How to Buy a Musical Instrument

How to Buy a Musical Instrument August 10, 2011

I remember signing up to play the saxophone in band almost 13 years ago.  I could hardly wait to start!  I loved the idea of playing the saxophone so much that I wrote it down for choice #1 and #2 – the director got a kick out of that and said that I’d get one of the coveted sax chairs.

There was only one problem.  I didn’t own a sax, and we couldn’t afford the $1,400 price tag of the saxophones from the local dealer.

My dreams were about to shatter, until I came home to find that my dad had picked up a used saxophone from a pawnshop for $400.  I couldn’t believe how great of a deal it was!

Looking back, I’ll remind myself how fortunate I was that my dad thought outside the box – otherwise I wouldn’t have had the chance to play the instrument that I love.  Hopefully these tips will be helpful if you or someone you know are looking to purchase an instrument for school this year.

Before You Buy, Do a Little Research

You or your child will be playing this instrument for years to come, so do your best to find out about brands, instrument types, and customer reviews before you jump on a deal.  I’m not suggesting that you search out the top of the line saxophone model instrument and try to haggle your way down to $400…that’s not going to happen.  You simply want to be sure that you’re buying a good instrument for the price and not overspending your hard earned money on something that’s not what you expected.

Where to Look for Instruments

Newspaper

Look in the classifieds or local ‘bargain finder’ papers to see if someone is selling their instruments.   Many people don’t want to mess with listing their instrument online.  This is how I found my first professional model saxophone.  An older sax player was selling his horn for $300, so I tested it out and bought it on the spot.  Turns out, the horn was from 1957 and worth about $1,300 allowing me to upgrade to a better model in college for less than I expected!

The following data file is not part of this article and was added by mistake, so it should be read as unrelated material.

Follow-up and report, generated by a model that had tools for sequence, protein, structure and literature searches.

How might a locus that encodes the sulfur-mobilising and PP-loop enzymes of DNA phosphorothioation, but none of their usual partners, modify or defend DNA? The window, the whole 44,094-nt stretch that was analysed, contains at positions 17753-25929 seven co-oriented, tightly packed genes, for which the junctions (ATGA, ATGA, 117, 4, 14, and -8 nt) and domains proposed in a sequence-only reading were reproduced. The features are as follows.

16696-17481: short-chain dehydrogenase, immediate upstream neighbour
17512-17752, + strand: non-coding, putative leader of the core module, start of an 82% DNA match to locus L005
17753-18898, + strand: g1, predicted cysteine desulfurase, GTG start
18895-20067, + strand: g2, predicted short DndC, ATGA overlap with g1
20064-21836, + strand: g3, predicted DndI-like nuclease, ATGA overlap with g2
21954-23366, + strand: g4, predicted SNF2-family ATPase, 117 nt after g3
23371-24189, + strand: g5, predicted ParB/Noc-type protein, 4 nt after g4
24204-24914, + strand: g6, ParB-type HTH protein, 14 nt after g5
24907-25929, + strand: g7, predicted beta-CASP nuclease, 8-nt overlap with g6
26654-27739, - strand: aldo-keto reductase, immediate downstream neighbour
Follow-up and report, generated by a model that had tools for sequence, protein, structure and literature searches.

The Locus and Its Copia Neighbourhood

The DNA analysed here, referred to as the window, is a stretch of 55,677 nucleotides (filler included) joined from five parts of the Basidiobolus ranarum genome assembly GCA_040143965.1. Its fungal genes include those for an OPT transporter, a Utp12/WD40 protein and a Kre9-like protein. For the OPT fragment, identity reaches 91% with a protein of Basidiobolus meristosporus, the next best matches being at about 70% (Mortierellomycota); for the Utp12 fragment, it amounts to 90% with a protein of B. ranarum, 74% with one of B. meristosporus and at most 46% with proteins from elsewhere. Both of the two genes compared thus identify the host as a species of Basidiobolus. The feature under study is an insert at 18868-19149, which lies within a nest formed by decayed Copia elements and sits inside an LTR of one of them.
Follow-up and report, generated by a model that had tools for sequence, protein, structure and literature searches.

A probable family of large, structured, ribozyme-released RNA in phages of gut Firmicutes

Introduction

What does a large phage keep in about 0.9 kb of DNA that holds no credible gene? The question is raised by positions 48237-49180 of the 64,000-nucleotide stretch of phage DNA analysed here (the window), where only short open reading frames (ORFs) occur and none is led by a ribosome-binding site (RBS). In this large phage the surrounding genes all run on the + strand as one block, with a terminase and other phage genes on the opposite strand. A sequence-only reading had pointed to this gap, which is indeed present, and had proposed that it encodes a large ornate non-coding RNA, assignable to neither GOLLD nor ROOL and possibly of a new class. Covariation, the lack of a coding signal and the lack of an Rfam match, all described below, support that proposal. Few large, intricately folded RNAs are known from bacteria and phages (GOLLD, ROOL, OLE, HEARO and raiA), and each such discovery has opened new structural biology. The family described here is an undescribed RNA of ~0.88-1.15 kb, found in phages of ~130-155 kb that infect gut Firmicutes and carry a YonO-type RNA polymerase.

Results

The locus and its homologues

Craigslist

Today’s version of the classifieds is obviously Craigslist.  I’ll occasionally browse through the listings to see what’s available, and find some great deals every now and then.  Just be sure that the image shown is the actual horn and don’t be afraid to negotiate with the seller.

eBay

I’ve purchased a saxophone from eBay once and was happy with it; I’ve even sold saxophones on eBay and had a good experience as well.   However, if you are shopping for a first time player, I don’t recommend using eBay right away.  Unless you’ve done extensive research and feel very comfortable about the instrument model that you’re purchasing, don’t start bidding on eBay.

I do think that eBay is a great place to buy and sell, but you just need to be careful when it comes buying items that you’re not familiar with.  Also, be very cautious about buying no-name brand instruments from eBay.  There’s a reason they’re selling for a fraction of the price of others – you’d be much better off with a used version of a quality instrument than a cheaply made instrument that you purchased for a ‘great price.’

Reputable online dealers

I’ve seen more and more online dealers for musical instruments in the past few years.  Part of the reason for this is that you can essentially create your own line of instruments by contacting a manufacturer overseas to produce cheap instruments.  While I won’t go into great detail about these specific sites, I will suggest that you search for consumer reviews on instrument brands and look for forums that discuss the quality of those instruments.

Don’t forget the accessories

If you’re just starting out with an instrument, you’ll need more than just the instrument itself.  From reeds to neck straps, to mouthpieces, cases and strings, your instrument will require a certain level of upkeep as well as items that need replacing.

After years of buying reeds, I’ve found that buying new boxes of reeds from Amazon.com and eBay have brought the greatest deals.  When compared to our local music shop, I can save an average of 60% with each reed purchase.  To be completely fair, I have purchased items at great discounts from local music shops, so you really just need to ‘shop around’ both online and in the store.

Here’s a list of sites that I’ve used and trust when looking for musical instruments and accessories:

Have you purchased an instrument lately?  What did you do to get a great deal?

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